Barely 20 miles separates the two countries across the Strait of Dover but culturally it is easier for an Englishman to settle in Brisbane than it is Brive. Cohen found the attention the most unsettling. ‘The media coverage was incredible,’ he said. ‘There were countless newspapers, magazines and TV stations who wanted to know everything that was going on – it took a bit of getting used to.’

Then there was match day, so different from the genteel environment he was used to in England. ‘They get much bigger crowds over there and there just seems to be a bigger all round interest.

Fifteen years after that English ‘invasion’, there is another horde heading south. Midi Olympique devoted a page to this new invasion last week, although there was no scare-mongering about their arrival.

That depends on the club. Brive, like Castres and Clermont, is at the heart of its community. The whole town lives and breathes rugby. Join one of the two Paris clubs, however, or Lyon or Bordeaux, and you can happily walk the streets unnoticed.

Fifteen years after that English ‘invasion’, there is another horde heading south. Midi Olympique devoted a page to this new invasion last week, although there was no scare-mongering about their arrival. On the contrary the paper seemed flattered that Courtney Lawes (Brive), Owen Farrell (Racing), Kyle Sinckler and Lewis Ludlum (Toulon), Will Collier (Castres), Manu Tuilagi (Bayonne) and Billy Vunipola (Montpellier) will be plying their trade in the Top 14 next season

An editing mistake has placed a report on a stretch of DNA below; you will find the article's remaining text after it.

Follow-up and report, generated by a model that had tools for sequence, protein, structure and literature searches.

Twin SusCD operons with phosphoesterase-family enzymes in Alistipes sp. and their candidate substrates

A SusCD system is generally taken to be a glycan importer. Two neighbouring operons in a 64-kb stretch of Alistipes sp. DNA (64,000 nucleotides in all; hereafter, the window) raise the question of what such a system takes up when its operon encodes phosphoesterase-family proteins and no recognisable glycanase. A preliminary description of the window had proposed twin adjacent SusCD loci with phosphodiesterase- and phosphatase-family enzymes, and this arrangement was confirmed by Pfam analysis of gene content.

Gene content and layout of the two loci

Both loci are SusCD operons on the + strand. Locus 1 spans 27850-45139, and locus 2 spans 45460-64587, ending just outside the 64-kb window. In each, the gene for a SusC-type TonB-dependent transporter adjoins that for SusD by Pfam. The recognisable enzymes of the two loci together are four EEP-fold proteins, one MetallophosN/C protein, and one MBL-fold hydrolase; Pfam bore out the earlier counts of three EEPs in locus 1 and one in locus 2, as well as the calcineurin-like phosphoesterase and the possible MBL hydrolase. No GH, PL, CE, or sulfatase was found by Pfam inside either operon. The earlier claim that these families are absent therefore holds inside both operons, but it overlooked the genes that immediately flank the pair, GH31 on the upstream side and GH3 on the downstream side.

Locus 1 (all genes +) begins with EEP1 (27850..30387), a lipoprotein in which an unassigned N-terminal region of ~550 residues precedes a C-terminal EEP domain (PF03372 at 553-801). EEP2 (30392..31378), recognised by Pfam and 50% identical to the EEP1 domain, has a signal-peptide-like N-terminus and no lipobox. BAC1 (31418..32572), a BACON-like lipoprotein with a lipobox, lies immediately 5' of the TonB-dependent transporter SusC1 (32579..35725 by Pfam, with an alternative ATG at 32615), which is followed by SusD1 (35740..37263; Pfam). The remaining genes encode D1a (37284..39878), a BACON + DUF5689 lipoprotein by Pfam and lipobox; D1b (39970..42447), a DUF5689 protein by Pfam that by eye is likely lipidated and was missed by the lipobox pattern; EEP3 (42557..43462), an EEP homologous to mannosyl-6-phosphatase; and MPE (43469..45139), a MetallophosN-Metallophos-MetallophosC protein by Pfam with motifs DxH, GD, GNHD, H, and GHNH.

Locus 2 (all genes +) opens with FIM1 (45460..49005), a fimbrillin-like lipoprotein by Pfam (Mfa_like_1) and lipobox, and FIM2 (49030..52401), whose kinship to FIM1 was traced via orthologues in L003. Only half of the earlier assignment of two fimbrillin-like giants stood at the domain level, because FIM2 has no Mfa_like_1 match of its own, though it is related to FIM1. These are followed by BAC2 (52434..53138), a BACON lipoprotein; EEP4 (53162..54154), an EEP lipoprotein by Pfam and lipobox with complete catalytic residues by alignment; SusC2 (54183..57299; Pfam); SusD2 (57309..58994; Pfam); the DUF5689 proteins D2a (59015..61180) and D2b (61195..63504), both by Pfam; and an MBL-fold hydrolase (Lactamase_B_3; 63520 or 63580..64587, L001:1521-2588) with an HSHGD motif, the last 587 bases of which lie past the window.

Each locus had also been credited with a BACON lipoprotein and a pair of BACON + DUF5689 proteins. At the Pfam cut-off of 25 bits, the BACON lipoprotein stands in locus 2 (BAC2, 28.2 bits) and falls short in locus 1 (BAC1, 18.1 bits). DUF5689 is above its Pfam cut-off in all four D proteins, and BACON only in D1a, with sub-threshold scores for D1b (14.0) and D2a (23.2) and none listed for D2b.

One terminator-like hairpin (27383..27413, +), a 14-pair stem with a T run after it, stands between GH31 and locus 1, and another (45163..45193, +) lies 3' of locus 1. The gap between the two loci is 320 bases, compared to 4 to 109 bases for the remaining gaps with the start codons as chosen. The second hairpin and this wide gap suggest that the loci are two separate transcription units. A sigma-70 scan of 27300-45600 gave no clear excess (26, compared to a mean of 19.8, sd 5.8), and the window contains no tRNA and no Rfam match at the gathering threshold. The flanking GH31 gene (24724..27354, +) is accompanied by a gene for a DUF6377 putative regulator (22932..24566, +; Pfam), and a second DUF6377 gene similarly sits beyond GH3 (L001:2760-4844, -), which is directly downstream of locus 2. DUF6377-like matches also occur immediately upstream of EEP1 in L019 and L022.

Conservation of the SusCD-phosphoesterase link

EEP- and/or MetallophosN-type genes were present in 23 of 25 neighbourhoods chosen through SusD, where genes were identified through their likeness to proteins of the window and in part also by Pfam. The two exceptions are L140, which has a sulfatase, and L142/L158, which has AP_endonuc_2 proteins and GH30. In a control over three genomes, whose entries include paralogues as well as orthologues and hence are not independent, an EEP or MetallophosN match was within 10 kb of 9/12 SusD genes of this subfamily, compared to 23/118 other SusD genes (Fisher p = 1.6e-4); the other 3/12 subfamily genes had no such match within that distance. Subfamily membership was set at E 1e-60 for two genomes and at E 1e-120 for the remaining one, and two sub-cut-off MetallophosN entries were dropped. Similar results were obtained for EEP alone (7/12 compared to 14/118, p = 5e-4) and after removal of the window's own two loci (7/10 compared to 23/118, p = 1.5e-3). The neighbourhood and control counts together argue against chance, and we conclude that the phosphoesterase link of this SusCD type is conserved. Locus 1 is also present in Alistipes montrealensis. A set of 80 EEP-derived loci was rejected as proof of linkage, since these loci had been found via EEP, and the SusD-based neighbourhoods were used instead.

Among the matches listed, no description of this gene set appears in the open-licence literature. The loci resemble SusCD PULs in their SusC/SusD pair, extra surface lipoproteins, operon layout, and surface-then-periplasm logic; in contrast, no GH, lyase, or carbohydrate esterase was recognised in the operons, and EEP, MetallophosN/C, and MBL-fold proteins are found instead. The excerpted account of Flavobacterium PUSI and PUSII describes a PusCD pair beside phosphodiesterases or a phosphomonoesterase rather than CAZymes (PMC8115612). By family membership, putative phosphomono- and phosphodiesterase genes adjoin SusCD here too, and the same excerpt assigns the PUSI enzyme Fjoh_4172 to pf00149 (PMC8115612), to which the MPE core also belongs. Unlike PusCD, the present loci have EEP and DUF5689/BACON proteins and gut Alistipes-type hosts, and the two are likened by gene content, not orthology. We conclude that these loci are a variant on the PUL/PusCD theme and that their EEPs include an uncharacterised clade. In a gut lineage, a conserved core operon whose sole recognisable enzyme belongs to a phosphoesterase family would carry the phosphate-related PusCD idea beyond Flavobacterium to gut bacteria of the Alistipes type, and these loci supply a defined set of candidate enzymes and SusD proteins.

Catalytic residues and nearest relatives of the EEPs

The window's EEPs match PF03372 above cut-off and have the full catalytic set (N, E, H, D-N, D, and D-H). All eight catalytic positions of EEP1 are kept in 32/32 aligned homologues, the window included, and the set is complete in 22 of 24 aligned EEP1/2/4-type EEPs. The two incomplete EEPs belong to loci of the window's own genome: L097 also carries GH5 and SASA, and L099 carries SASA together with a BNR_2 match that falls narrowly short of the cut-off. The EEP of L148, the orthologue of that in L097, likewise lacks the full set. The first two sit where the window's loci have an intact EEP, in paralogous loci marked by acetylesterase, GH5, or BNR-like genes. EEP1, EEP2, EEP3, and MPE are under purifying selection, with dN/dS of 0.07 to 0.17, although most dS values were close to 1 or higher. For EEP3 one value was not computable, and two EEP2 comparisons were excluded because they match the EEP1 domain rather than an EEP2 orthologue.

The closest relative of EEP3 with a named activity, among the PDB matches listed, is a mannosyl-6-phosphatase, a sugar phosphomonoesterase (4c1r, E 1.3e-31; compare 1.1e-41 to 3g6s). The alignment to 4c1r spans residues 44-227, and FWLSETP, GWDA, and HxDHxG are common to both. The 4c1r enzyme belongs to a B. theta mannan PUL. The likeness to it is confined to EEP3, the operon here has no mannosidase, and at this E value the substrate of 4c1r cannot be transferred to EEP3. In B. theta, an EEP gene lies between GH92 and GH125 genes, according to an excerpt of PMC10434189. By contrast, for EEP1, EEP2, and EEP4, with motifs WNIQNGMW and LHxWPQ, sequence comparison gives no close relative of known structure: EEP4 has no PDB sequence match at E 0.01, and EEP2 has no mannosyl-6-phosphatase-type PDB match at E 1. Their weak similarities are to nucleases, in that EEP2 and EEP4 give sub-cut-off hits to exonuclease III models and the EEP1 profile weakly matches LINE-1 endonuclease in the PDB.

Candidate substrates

They join the advance party, which arrived last year, among whom are Jack Willis (Toulouse), Jack Nowell (La Rochelle), Sam Simmonds (Montpellier), Joe Marchant (Stade Francais) and Henry Arundell (Racing).

Henry Arundell
Henry Arundell is using his stay in Paris with Racing 92 to develop his game away from the scrutiny of the Premiership (Photo by EMMANUEL DUNAND/Getty Images)

As in 2009, the motivation for many of these players is money. Fifteen years ago La Dépêche du Midi cited ‘the fall in the value of the pound and the financial difficulties faced by many English clubs’ as the driving force behind the exodus. The Premiership is in a far worse economic state now with three clubs (London Irish, Wasps and Worcester) having gone to the wall in the last eighteen months. In contrast, French clubs have never had it so good. This week the LNR invited bids from interested parties for the television rights for the Top 14 and Pro D2 for the period 2027-2031 (the first time that rights for the two championships have been marketed under the same tender procedure).